Company Ignored Warnings About Computing Power And Told Developer To Do Their Job. So They Did Exactly That.
by Matthew Gilligan
Just doing my job, boss!
Sometimes when you have a job and things go sideways, all you can do is smile, agree, and do what your superiors say, even if you know it’s not a very good idea.
A worker shared their story on Reddit’s “Malicious Compliance” page and talked about what happened when they simply did as they were told.
Software developer did what I was told.
“I worked at a pipeline company that supported hundreds of clients.
Part of the mission was gathering information from internal sources and create client specific reports which were required to be available at the start of their business day by web.
They were called on to make a design change.
Once, when the site’s team lead was on vacation, the off-site manager asked me to provide a design change which included providing downloadable PDF reports as well as several other changes. Up to this point, this company had not been utilizing my software engineering skills, I was just maintaining their existing software product as a programmer.
And they were excited about this opportunity!
I was excited to show them what I was truly capable of producing. I put in over 60 hours that week researching the requirements, the customer usage patterns, hardware resources required, development plan, including staged implementation. All that’s needed for creating a great design document. And it was a great design document!
But not everyone was happy with the design…
When the site team-lead returned from vacation, he went ballistic claiming that the design was trash and totally useless. He then sketched out a plan that poorly covered about 25% of the requirements and which didn’t consider hardware usage and availability. My current guess is that he felt threatened by my abilities.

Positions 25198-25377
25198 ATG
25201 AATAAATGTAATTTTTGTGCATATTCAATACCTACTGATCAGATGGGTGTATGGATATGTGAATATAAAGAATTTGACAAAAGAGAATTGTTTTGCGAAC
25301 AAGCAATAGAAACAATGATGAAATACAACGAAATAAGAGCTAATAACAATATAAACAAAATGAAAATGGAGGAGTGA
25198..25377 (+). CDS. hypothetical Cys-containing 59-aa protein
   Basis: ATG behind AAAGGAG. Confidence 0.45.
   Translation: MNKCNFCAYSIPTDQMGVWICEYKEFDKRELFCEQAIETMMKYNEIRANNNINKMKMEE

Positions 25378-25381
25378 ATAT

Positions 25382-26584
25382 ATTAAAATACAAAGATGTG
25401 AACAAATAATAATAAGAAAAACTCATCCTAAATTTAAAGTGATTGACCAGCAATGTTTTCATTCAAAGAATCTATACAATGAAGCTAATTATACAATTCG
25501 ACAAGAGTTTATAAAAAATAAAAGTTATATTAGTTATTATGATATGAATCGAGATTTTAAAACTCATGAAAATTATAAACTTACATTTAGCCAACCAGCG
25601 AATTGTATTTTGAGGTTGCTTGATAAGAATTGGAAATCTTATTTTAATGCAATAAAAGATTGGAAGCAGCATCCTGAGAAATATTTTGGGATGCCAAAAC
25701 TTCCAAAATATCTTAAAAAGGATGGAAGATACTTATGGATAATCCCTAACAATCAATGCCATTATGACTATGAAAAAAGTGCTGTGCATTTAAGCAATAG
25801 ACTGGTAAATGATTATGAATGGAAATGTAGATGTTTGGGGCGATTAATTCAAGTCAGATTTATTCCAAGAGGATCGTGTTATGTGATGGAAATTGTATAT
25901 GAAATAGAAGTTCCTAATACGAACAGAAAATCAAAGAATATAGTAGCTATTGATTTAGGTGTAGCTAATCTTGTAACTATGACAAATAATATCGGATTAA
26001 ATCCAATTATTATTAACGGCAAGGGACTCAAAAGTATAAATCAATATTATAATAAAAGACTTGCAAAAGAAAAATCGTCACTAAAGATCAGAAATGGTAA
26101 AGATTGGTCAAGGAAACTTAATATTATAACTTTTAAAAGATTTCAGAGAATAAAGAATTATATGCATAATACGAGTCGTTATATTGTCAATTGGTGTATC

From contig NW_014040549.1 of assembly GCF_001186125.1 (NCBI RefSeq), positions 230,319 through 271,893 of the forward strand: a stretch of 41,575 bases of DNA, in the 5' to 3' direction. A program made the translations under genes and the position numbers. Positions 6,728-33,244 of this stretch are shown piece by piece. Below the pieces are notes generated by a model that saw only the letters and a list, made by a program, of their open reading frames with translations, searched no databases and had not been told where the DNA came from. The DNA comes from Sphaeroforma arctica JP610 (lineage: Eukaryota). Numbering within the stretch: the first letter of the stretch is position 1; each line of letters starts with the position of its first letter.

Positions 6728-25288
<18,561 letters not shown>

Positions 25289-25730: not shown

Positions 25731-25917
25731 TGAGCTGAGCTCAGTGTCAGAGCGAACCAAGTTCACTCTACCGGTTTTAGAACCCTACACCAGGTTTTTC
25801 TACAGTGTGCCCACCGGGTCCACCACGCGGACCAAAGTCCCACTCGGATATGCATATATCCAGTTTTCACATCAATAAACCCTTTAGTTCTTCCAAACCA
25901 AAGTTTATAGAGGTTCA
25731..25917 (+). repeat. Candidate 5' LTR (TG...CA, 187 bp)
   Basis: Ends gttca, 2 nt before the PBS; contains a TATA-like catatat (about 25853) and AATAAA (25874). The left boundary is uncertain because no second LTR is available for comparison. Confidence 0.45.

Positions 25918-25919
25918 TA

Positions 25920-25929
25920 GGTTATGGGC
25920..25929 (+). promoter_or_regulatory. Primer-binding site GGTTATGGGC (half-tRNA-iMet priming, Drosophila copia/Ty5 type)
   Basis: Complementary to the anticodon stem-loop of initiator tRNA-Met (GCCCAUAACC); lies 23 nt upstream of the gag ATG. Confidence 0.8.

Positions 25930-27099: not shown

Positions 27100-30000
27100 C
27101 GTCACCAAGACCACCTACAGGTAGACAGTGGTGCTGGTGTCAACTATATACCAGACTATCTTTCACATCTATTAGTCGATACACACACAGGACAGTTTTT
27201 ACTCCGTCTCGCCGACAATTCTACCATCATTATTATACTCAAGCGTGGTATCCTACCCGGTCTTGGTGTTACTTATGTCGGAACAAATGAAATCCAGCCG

But I was told to implement team lead’s plan as he documented it. So, I did what I was told. While my research indicated that less than 5% of the clients bothered to review the daily reports unless they were tracking down a specific problem.
They had a plan in mind…
Time to create each report was 10-20 seconds. So, part of my plan was to create the customer’s PDF report files as requested during the business day when the computer workload was lite. And once they downloaded the PDF, delete that PDF from disk.
The team-lead’s replacement design required the PDFs to be created for all clients every night. He also failed to add the cleanup process, leaving the PDF files on disk.
They knew this was going to create a logjam of sorts.
You can see where this is going. It added a massive amount to the nightly processing, delaying the finish of the daily processing.
But they were only following orders!
And it took a couple of months to fill up the hard drive. But the team lead said my design was trash and I should do what I was told. I never offered any solutions to that company again. I just did what I was told. When the hard drive fills up, not my problem.
I think there’s a term for that…
If the nightly processing could not be completed in time, not my problem. Nowadays, we would call this “Quiet Quitting”.”
Check out how folks reacted on Reddit.
This person said they did the right thing.
Another individual talked about why they did things a certain way.
This Reddit user changed the way they did things at work.
Another person had a similar story.
And this individual said that at least they got good experience out of this job.
Quiet quitting is all the rage!
And this was a job well done!